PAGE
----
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Cybersecurity Threats in Cryptocurrencies

What are Cybersecurity Threats in Cryptocurrencies?

Cryptocurrency is an electronic form of virtual currency secured by cryptography and other encryption technologies. Cryptos, which are also referred to as tokens, can be traded for goods and services. The key feature of cryptos is that they are not issued by authorities (centralized), and therefore they cannot be manipulated or controlled by the government. The majority of cryptos are decentralized using blockchain technology where the blockchain works as ledger that stores the individual coin ownership in the form of record-keeping network of computers.

An increasing number of businesses are using cryptocurrencies such as Bitcoin for transactions, business operations, or other business purposes. As cryptos become a more mainstream form of currency, it is important to recognize the associated cybersecurity risks. Cyberattackers are keen to prey on cryptocurrencies as the industry has yet to establish business norms and legal structures for their management and governance, making them vulnerable targets. Potential cybersecurity threat to cryptos include:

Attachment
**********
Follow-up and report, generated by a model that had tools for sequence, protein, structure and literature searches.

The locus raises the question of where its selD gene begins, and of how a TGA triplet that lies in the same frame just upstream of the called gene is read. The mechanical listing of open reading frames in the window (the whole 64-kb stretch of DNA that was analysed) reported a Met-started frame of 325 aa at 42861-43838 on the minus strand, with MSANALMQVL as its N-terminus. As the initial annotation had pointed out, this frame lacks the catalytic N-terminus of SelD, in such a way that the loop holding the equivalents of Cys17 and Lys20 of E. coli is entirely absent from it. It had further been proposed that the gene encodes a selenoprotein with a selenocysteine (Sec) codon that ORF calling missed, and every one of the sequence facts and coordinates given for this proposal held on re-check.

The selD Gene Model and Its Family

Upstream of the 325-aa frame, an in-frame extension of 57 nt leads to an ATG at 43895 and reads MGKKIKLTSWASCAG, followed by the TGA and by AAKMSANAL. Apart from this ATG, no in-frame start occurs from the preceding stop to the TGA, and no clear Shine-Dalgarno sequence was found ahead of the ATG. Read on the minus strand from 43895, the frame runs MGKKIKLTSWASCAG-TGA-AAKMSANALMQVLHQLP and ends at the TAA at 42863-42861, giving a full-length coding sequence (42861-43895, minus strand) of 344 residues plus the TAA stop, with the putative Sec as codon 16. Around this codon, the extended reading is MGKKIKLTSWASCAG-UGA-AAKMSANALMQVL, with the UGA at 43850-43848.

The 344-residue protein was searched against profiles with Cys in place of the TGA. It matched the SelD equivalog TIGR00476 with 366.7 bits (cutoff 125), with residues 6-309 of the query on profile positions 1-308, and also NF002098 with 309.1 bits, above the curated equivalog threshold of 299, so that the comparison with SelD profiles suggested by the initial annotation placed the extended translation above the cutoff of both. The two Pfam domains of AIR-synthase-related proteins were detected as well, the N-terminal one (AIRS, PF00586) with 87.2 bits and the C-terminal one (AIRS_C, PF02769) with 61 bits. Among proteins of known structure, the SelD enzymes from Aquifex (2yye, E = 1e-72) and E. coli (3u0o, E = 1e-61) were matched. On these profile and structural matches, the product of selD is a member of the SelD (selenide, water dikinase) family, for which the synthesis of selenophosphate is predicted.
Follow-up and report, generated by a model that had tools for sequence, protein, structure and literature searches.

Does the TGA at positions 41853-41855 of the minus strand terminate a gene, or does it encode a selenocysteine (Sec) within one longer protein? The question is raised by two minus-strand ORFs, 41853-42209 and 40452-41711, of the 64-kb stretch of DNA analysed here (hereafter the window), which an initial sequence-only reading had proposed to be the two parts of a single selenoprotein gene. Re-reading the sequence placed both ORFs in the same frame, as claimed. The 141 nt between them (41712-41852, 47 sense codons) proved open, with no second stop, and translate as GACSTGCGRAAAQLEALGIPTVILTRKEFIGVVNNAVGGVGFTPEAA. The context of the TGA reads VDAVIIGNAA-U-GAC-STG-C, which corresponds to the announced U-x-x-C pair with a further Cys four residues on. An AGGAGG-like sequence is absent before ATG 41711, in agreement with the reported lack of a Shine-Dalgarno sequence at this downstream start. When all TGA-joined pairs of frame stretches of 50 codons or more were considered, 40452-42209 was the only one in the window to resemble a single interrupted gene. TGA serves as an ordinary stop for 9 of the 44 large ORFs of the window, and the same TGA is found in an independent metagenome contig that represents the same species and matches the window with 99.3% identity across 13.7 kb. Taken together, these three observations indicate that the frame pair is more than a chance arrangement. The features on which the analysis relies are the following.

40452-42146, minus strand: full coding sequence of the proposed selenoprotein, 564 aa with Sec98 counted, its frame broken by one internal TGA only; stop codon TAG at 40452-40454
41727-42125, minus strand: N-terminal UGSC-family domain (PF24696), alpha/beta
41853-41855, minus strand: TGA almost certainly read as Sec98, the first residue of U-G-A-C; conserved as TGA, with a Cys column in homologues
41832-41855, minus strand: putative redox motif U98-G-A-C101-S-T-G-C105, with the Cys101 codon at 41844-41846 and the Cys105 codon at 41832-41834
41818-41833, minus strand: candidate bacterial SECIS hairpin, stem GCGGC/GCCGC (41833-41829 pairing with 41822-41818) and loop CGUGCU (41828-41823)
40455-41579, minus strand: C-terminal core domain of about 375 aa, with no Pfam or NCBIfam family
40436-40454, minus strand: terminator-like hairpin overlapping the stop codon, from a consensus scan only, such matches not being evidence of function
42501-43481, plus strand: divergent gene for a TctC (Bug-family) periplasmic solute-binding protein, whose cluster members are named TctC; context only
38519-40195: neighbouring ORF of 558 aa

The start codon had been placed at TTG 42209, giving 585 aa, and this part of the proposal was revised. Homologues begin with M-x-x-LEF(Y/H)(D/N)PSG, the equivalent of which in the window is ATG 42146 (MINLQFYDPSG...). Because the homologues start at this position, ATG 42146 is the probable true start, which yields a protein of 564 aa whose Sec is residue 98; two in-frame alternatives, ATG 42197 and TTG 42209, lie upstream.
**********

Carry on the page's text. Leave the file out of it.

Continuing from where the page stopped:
Platform hacking. Cyberattackers who hack into trading platforms where they can steal funds or steal application programming interface (API) keys from the trading platform that can be used to program bots to withdraw funds form the account or to perform fraudulent transactions.

Registration form compromise. Cyberattackers can inject code into registration forms where they can obtain personal information that they can either sell on the dark web or use to create accounts on other trading platforms.

Third-party apps. Third-party applications are often used by traders to monitor cryptocurrency markets and calculate profits. If a trader’s portfolio is shared with the application developer, and the application developer becomes a victim of a cyberattack, the trader’s personal information could be compromised.

Phishing. Phishing campaigns target trading platforms with the primary goal of stealing user credentials that cyberattackers can leverage to obtain profit or ransom.

Malware. Cryptocurrency mining requires significant computer resources as they require both substantial computational capacity and consume a lot of power. Cyberattackers target these powerful computers by installing mining malware designed to leech their abundant resources. Malware may also directly steal cryptocurrencies from wallets or install malicious tools that appear legitimate.

Weak smart contracts. Smart contracts are digital contracts stored on a blockchain that are automatically executed when predetermined terms and conditions are satisfied. If the smart contract code that prompts an automatic transaction is weak, cyberattackers could interfere and divert cryptos for their own use.

Trading bots. Cyberattackers design trading bots that appear legitimate, but once a user downloads it their device becomes infected with coinminers or other malware designed to use up computer resources.